Although it was issued on an American label, Changing The Colors Of Life was actually the product of Los Chijuas, a band from Ciudad Juarez, a city located directly across the Rio Grande from El Paso, Texas. Like Tijuana, Juarez was a popular destination for off-duty US military personnel from White Sands Missile Range, Holloman AFB (both in New Mexico) and especially Fort Bliss, located in El Paso itself. The city had a strong local music scene, with bands performing various mixtures of salsa, ranchero, mariachi, rock and soul nightly at the city's many clubs. One band that stood out from the rest was Los Chijuas, who, unlike most of the local groups, was strongly influenced by the folk-rock movement that had stormed the US West Coast just a couple years earlier. Changing The Colors Of Life, written by co-founders Jose and Julian Ganem, was recorded in Juarez, but released on the American Musart label in 1968. The group also had a hit in Mexico that same year with their own version of Bob Dylan's Mighty Quinn, thanks in part to the support of El Paso disc jockey Steve Crosno, who in addition to being the voice of XELO (the bilingual AM top 40 station radiating 100 kilowatts of power from south of the border) was host of a weekly dance show on a local El Paso TV station.
Artist: Sly And The Family Stone
Title: Thank You (Falettinme Be Mice Elf Agin)
Source: Simulated stereo CD: Greatest Hits (originally released as 45 RPM single)
Writer(s): Sylvester Stewart
For any given season of any year there's always one song that seems to be constantly playing wherever you go; on your favorite radio station, on the jukebox where you hang out, on the stereo at a friend's house or even at a dance, where the song is already being played (by popular request, of course) by a local cover band. In the winter of 1969-70 that song was Thank You (Falettinme Be Mice Elf Agin) by Sly And The Family Stone. The record, the last to be released in the 1960s by the band, was a monster hit, spending five weeks at the top of the R&B charts (at that time known as the soul singles charts) and hitting the top spot on the pop charts as well. Thank You (Falettinme Be Mice Elf Agin) was actually one half of a double A-sided single (the other half being Everybody Is A Star) and along with the band's previous single, Hot Fun In The Summertime, was intended to be part of the first new album released by the band since wowing the crowd at Woodstock the previous summer. However, the album project was shelved, and the three songs were instead included (in fake stereo) on a greatest hits album released in 1970. Sly And The Family Stone would not release any more new material until autumn 1971, when yet another single, Family Affair, signalled the beginning of a whole new direction for the band.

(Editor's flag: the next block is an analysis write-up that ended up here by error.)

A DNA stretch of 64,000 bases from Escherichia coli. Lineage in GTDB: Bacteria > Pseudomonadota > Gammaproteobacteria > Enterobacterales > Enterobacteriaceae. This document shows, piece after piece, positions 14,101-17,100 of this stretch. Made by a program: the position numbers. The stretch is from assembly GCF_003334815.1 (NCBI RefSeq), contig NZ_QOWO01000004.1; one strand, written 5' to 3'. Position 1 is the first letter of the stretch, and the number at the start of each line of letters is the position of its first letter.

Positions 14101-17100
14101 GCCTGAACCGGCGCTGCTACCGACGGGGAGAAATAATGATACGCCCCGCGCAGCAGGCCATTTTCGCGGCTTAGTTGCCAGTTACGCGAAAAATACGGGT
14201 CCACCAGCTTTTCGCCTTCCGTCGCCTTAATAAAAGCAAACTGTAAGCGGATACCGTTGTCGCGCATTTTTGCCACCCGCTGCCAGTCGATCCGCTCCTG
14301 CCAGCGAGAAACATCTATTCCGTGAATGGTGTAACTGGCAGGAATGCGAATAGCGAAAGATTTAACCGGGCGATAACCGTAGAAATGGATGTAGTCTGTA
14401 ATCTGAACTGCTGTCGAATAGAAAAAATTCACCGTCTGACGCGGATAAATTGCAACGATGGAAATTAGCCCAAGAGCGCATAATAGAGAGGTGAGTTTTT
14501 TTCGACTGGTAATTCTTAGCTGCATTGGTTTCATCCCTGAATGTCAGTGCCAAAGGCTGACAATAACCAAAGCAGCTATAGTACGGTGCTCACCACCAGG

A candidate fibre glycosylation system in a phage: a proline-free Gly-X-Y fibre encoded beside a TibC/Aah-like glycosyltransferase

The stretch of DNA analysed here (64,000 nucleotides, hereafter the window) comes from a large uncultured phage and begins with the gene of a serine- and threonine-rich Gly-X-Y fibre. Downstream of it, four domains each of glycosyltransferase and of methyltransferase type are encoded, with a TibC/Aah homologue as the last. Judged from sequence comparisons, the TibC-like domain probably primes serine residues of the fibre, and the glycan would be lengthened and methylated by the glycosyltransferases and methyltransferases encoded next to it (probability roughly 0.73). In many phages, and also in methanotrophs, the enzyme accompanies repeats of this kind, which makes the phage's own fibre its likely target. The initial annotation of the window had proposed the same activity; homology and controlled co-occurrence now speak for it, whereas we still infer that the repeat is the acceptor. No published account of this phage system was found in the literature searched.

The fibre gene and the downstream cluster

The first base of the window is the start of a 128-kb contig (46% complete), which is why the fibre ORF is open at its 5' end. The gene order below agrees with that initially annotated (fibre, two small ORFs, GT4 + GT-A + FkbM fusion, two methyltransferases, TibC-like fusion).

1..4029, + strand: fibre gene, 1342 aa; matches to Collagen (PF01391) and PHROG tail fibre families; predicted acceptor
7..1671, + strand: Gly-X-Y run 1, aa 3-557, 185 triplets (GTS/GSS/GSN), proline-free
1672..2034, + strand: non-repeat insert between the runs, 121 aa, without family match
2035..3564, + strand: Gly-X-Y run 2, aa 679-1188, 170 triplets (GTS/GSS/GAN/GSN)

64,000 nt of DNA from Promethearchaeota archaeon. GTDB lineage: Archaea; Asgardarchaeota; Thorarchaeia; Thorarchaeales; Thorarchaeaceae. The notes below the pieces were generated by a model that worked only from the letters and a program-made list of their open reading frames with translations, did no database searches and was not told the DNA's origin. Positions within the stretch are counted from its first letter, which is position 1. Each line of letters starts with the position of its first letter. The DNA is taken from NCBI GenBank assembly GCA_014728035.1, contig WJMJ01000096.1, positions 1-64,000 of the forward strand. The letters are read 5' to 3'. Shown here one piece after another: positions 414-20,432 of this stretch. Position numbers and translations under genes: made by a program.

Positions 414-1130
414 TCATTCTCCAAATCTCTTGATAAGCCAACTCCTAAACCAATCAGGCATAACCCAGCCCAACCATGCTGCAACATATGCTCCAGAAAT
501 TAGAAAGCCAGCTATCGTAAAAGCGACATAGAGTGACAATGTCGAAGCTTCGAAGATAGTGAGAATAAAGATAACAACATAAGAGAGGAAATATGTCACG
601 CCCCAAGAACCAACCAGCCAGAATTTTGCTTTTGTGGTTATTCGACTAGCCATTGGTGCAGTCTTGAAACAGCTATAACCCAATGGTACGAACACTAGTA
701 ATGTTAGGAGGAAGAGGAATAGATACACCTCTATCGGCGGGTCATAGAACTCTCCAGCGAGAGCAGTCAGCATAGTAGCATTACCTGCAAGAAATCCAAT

Artist: Paper Bubble
Title: Fillin' A Gap
Source: British import CD: Love, Poetry And Revolution (originally released on LP: Scenery)
Label: Grapefruit (original label: Deram)
Paper Bubble was actually the folk club duo of Brian Crane and Terry Brake, supporting the Strawberry Hill Boys (later to be known as Strawbs), on an album called Scenery, which was recorded in late 1969. The album, released in 1970, was heavy on the vocals and embellished with strings, with relatively little in the way of the usual rock instrumetation, as can be heard on the tune Fillin' A Gap.